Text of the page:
Sunday, 19 March 2017

Week 24: (13th March to 19th March 2017) or 'Springing into Action'

I miss the moorlands; those impregnable domes of earth, clothed in rugs of moss and fern, scaling the skies, poking the clouds and dislocating the rays of a low afternoon Sun. I miss liberating my conscience around the lacy labyrinths of its tracks; those mercurial circuits that coil around boulders and lace around forests, seemingly floating as if buoyant upon giant waves of rock. I miss the undaunting prospect of slipping out of reality and gracefully gliding through the gates of Eternity, to set free the burdens of life and to inflate the soul with the sweet air of solitude. I miss it.

Great skies of misery have impounded my weekend travels recently; only the most eccentrically keen cyclist would have risen to the challenge of battling the storms that have so savagely pummeled the crests of the fells. But fear not, as tunnelling a passageway through the soil, furnishing our beds and borders with elegance and vitality is a floral promise. A promise of longer days, and lighter evenings; a promise to banish the clouds and cast off the rain, a promise that Spring is on the way. This promise, once dormant under thick clods of earth, now stands tall and dainty; a yellow delicacy swaying to the music of Springtime.

My own PhD project has likewise sprung into action. For weeks, the toils of contacting land owners, explaining my research and acquiring their consent to permit me access has been a burdensome task. Perhaps I, conscious that most of life is now plastered over the virtual galleries of the interweb, overestimated the ease to which I would acquire the details of my field sites. Alas, as I have written elsewhere, the task has become more onerous considering the fact that I am limited to selecting sites where soil erosion has already been studied. Many eclipses have taken place since those studies, though, and some of my planned sites it transpires have been subsequently converted to pasture.

But recently, fate has looked encouragingly towards me, and has - if fate holds such powers - granted me a reprieve from the backbreaking work. I have confirmed 4/6 of my sites and am only a hand auger (or two) away from acquiring permission from the other two. For the purposes of site confidentiality, I shall not be naming these sites on this medium just yet. But I can detail the following. There are:

- 3 arable sites: one sandy, one silty and one clayey- in Nottinghamshire, Somerset and Monmouthshire, respectively.
- 3 woodland sites: one sandy, one silty and one clayey- in Shropshire, Herefordshire and Monmouthshire, respectively.

A pastel blue sky floated over Nottinghamshire on Wednesday. The robins were in operatic celebration. The balls of dark grey cotton wool, aerially suspended over much of the country the previous day, had migrated east, allowing the sun to paint a range of shadows over the luscious green canvas of private lawns. Blackbirds were breakfasting in the furrows, whilst hares were gaily dancing with the same frolic attitude that one associates with March hares.

A colleague and supervisor of mine, Dr Andy Tye (from the British Geological Survey) had offered to assist me on a mission to visit my first field site, north of Nottingham for preliminary sampling. This would represent, by and large, my sandy arable site. The farm itself has been established for centuries, and one of the current owners remembers a visit made by the 'then' Dr Tim Quine, who conducted an assessment in the 1990s on the magnitude of soil erosion occurring at the site. It was, incidentally, one of the most eroded sites on Dr Quine's national survey, though it seems the farm has adopted new agricultural practices since that study. For example, crop residues are now preserved and carpet the harvested fields, rather than being bagged and sold as garden compost. Ploughing now takes place across the field, rather than along the slope, which has become an established technique in recent times. It was supremely encouraging, and to some extent moving, to sit and hear about these improvements.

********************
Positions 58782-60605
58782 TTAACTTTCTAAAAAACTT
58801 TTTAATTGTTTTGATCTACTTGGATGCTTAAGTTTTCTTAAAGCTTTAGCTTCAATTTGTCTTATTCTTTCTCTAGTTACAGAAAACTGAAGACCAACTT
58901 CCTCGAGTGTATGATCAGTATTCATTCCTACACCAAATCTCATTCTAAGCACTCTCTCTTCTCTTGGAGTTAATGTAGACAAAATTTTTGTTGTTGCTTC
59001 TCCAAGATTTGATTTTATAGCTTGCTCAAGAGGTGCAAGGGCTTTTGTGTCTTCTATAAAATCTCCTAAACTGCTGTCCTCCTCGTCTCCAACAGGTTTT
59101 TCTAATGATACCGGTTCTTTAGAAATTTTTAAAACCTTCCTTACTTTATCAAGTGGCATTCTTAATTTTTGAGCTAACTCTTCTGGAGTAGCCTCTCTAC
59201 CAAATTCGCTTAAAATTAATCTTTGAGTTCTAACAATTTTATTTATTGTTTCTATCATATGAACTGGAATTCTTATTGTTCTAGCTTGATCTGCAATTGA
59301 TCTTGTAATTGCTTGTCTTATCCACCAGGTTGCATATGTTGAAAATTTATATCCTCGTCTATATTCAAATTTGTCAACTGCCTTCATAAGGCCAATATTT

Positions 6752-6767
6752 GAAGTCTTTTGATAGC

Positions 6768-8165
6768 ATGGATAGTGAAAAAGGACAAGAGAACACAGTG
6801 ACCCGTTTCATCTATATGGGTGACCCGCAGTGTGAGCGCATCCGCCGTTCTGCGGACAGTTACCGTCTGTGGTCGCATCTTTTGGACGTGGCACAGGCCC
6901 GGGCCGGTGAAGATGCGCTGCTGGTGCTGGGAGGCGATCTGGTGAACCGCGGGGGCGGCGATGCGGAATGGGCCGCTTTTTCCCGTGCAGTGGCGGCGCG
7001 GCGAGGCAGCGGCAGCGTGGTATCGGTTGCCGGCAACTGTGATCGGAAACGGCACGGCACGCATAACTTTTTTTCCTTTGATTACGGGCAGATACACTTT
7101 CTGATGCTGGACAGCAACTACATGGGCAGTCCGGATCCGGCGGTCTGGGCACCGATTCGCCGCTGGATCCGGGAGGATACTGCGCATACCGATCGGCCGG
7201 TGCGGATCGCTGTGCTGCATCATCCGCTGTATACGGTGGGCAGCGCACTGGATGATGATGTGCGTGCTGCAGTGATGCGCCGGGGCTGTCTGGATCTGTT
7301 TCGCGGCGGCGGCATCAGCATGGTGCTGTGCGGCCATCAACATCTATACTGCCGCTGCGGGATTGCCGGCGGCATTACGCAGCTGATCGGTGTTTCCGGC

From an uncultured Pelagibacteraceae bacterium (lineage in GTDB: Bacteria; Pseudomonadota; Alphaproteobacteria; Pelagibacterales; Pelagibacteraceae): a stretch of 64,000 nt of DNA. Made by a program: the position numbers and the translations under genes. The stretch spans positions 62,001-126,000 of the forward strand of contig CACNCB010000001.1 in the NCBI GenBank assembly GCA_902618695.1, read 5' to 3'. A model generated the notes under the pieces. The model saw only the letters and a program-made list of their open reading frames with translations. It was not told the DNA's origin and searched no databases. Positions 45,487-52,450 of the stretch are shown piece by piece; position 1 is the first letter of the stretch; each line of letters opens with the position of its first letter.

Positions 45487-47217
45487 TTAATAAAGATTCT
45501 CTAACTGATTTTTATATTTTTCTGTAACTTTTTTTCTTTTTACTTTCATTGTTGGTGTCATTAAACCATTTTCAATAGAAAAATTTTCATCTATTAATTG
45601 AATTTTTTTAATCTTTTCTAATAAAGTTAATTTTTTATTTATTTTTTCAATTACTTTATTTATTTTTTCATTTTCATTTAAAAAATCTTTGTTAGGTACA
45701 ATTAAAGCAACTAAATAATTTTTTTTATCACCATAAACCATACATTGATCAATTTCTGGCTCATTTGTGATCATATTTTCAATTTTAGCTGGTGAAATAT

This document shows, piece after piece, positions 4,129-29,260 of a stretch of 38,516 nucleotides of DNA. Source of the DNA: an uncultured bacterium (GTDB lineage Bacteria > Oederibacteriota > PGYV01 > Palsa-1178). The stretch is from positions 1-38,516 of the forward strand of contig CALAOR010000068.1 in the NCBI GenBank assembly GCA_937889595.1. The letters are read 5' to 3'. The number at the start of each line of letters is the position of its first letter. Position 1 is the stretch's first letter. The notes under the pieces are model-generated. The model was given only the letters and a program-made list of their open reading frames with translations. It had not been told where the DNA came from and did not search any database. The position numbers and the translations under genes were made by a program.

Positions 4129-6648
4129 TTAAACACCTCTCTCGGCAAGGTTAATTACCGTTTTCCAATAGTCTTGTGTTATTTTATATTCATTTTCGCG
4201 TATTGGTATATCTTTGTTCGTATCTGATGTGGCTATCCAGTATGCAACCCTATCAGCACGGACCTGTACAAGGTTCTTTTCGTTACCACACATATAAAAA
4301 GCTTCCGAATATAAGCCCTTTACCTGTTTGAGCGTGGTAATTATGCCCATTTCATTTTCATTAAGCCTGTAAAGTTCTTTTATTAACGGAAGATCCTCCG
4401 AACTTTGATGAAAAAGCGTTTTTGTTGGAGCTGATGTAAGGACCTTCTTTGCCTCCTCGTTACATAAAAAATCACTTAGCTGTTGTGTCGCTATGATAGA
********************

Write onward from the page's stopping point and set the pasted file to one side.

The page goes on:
Later on, after refuelling the mind with coffee and ploughing through some fascinating aerial negatives of the farm, I took a trip out to the field. Four days had elapsed, so I'm led to believe, since rainfall had blessed the land, and yet the soil was still damp to the touch. Auguring the first 20cm of topsoil revealed a mound of black, organically-rich earth; the residues, it seemed to me, were successfully clinging on to Saturday's droplets. A further 1.80m of soil was removed and then nothing but weathered sandstone. In the trade, this weathered rock is commonly referred to as 'saprolite'. By no means is it soil - it can be removed and transported in a stable block - but its structure is not invincible, and with a little pressure applied, one can break it into two, much like a chocolate bar. In the summertime, when the majority of my work will be carried out, the saprolite will be collected in greater quantities; it is this, after all, that is used to obtain the Soil Production Rate.

The site looks suitable and thus I now proceed to conduct similar preliminary surveys at my five other sites, throughout the month.

Sidestepping away from my usual dialogue of travelling perils and moorland retreats (and as I've suggested above, I have no such tale to narrate at present) I thought I would conclude with a message from one of my co-supervisors at Lancaster University. Dr Jess Davies has wrote an article for Nature Comment advocating the need for businesses to consider soils 'in the boardroom'. You can read the article by clicking here or here what Jess has to say on the video below.

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